She won the seat and took her place as the only female member of the legislature. Reelected three times, she retired in 1967, never having experienced defeat at the polls. Defining herself primarily as a wife and mother, she saw feminism as an extension of maternalism. One of her main goals as a legislator was to make the world a safer and happier place for children. But she also had a steely side.

When the Regina Leader-Post asked to take a picture of her baking a cake, she declined, preferring to be photographed at work in her office. However, she did not object when at the beginning of each new sitting of the legislature, her male colleagues placed a fresh bouquet of flowers on her desk.

The Politician 

Peter Lougheed was the grandson of Sir James Lougheed, a prominent Conservative lawyer who arrived in Calgary in 1882 and at age thirty-five was appointed the youngest member of the Canadian Senate. In a speech delivered in 1889, Sir James predicted that the natural resources of Alberta would make it one day “the dominant portion of the Dominion.”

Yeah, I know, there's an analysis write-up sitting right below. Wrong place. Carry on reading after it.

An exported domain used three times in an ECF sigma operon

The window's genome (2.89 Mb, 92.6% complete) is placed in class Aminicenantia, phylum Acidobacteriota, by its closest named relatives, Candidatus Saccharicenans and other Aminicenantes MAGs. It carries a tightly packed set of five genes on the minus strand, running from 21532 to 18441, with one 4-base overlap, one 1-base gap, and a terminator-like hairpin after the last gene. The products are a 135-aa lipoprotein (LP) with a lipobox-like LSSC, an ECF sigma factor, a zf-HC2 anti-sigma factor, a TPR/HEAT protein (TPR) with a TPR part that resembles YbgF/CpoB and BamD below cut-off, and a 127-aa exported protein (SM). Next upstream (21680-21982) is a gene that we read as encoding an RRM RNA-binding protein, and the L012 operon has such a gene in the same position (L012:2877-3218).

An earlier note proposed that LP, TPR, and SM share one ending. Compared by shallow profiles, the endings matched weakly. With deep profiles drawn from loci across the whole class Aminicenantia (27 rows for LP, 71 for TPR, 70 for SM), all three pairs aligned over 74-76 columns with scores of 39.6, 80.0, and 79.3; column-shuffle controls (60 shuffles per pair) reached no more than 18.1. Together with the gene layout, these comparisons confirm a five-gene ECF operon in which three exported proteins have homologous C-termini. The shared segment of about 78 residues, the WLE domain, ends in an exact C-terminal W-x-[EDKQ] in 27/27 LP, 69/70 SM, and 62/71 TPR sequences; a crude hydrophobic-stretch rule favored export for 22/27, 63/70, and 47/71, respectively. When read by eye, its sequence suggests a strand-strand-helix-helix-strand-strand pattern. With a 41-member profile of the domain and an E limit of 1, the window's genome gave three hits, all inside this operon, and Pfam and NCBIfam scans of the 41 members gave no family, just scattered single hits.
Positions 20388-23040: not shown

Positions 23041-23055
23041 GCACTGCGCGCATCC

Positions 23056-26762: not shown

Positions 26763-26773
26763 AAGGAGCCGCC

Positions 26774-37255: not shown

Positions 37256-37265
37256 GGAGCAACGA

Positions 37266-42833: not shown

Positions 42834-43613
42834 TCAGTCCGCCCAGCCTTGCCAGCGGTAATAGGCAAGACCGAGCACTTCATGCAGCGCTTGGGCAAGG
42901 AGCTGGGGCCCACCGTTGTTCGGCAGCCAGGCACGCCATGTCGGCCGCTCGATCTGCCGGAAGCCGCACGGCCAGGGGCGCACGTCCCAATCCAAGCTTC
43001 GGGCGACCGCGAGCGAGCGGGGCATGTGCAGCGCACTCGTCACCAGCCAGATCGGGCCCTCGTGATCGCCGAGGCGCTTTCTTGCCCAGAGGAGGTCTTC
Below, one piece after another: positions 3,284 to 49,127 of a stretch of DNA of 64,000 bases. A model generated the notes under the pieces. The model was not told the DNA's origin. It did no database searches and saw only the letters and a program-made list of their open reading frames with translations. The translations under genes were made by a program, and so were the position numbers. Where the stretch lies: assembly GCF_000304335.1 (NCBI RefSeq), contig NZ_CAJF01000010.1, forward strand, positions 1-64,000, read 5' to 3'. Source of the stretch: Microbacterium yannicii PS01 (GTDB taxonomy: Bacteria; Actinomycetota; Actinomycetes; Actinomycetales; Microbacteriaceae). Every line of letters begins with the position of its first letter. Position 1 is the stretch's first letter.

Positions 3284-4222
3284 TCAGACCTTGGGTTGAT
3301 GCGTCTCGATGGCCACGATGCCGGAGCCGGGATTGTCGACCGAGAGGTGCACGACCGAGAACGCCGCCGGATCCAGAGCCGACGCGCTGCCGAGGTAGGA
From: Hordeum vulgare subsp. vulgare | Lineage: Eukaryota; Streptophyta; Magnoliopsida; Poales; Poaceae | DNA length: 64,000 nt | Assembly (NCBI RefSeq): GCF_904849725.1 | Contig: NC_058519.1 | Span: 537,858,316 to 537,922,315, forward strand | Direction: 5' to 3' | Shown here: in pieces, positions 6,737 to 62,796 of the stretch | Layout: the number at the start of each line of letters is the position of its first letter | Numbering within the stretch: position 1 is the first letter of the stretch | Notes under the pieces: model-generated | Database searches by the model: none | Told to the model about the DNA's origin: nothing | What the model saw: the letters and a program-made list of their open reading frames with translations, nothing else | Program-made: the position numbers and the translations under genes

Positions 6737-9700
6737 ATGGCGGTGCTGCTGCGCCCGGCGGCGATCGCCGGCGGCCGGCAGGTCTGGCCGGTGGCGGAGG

One hundred years later, his grandson was locked in a battle with Ottawa for control of those resources. Despite his illustrious heritage, Peter Lougheed was not born with a silver spoon in his mouth. Most of the family fortune was lost in the 1930s Depression, and his father sought consolation in alcohol. Lougheed studied law at the University of Alberta and, though a mere 160 pounds, played football for the Edmonton Eskimos.

After earning a master’s degree in business administration at Harvard, he accepted a position as secretary and legal advisor to the Calgary-based Mannix holding company. Owner Fred Mannix was the archetypal, freewheeling entrepreneur involved in a variety of business ventures including construction, ranching, coal mining, oil, and gas.